Participants suggested different ways to support connection building. These include providing templates for conversation starters, using a matching process to pair members of a network, a searchable database consisting of roles and career information on members of a network, sharing opportunities for collaborations and employment.

“I do part-time global health work so only need to lean into networking from time-to-time at transition points in projects, etc. – would be nice to have something that is easy to go back to besides form some hastily written notes and jotted down email addresses/LinkedIn profiles!”


Developing effective networking opportunities for women can help to facilitate strong professional connections and influence their trajectory towards leadership roles. Given the inherent challenges of networking, perhaps even more so in the virtual setting [18], data from this study can provide a better understanding of successes and opportunities of virtual networking.

The data from the CUGH survey shows that the virtual networking event enabled new, global connections, with all respondents answering favorably when asked if they met someone new from a different country. The opportunities that virtual networking present are of particular importance to women in global health, for whom the barriers to in-person networking are immense. Strengthening virtual networking opportunities can increase access to networking and inclusivity of networks for women global health professionals around the world [19].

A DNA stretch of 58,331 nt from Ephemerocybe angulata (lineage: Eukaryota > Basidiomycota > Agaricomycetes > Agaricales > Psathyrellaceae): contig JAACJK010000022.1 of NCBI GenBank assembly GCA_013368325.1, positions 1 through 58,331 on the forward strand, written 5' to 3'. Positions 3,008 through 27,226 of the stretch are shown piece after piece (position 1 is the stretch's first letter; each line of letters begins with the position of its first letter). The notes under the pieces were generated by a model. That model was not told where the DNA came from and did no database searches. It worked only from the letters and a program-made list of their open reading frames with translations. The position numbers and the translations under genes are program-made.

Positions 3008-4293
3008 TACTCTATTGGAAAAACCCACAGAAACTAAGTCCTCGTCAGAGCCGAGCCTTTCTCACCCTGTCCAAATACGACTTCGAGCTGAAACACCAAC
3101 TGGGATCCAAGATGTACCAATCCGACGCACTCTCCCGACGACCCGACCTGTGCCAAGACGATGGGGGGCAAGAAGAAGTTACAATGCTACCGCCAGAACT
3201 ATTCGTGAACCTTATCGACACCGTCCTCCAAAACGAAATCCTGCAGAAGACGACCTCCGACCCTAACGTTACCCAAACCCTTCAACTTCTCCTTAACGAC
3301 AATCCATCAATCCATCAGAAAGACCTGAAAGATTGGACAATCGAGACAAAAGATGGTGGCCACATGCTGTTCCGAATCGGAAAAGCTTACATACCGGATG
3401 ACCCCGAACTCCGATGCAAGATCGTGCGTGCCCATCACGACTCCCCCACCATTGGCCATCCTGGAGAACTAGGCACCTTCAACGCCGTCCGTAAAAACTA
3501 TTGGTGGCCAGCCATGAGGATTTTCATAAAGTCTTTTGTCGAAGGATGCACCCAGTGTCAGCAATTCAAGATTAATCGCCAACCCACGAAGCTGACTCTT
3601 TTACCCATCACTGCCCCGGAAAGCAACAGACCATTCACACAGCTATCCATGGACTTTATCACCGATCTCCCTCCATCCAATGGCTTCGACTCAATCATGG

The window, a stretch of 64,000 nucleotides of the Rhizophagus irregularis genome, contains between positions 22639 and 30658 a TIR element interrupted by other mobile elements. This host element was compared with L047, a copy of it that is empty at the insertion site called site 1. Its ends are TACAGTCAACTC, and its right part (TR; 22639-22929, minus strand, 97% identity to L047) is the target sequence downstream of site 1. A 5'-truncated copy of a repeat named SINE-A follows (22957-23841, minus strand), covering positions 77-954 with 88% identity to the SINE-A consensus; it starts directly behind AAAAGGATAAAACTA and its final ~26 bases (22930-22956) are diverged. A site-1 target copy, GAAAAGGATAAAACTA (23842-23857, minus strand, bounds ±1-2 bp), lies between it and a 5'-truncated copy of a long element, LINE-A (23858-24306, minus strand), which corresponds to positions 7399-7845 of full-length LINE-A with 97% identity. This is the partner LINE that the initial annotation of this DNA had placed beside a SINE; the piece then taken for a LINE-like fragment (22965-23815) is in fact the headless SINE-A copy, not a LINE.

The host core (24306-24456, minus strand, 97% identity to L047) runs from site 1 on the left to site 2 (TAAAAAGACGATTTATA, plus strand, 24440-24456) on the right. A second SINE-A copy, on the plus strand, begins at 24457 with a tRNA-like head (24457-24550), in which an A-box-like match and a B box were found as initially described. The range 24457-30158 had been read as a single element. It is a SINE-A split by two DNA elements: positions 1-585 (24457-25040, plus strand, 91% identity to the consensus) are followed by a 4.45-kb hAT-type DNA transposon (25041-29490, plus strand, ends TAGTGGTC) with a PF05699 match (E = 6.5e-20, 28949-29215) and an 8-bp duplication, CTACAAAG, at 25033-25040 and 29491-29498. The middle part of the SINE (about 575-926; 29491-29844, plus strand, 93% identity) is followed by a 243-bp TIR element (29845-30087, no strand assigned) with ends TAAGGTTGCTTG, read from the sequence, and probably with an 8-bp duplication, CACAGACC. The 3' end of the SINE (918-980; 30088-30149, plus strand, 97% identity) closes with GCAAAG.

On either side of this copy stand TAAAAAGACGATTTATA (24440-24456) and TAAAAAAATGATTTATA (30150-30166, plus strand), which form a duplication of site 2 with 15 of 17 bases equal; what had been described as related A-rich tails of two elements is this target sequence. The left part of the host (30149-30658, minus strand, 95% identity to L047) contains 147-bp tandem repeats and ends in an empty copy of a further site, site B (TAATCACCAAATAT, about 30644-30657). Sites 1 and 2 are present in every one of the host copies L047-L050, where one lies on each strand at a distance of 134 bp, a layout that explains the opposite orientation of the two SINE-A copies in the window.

The data also shows that the CUGH satellite session facilitated the opportunity to expand the participant’s networks, and that most respondents initially felt the connections they made were meaningful. Over 90% of survey respondents indicated that they made at least 7 connections at the event. The sheer number of virtual connections established at the event points to the great potential for virtual networking to quickly expand networks. But, the effectiveness of virtual networking often relies on continued interaction and collaboration to strengthen the connections made and increase each participant’s perceived value of the network [20]. Survey responses suggest that participants may have had differing expectations for the networking event itself or the types of connections that they would make at the event, which led to diminishing responses over time.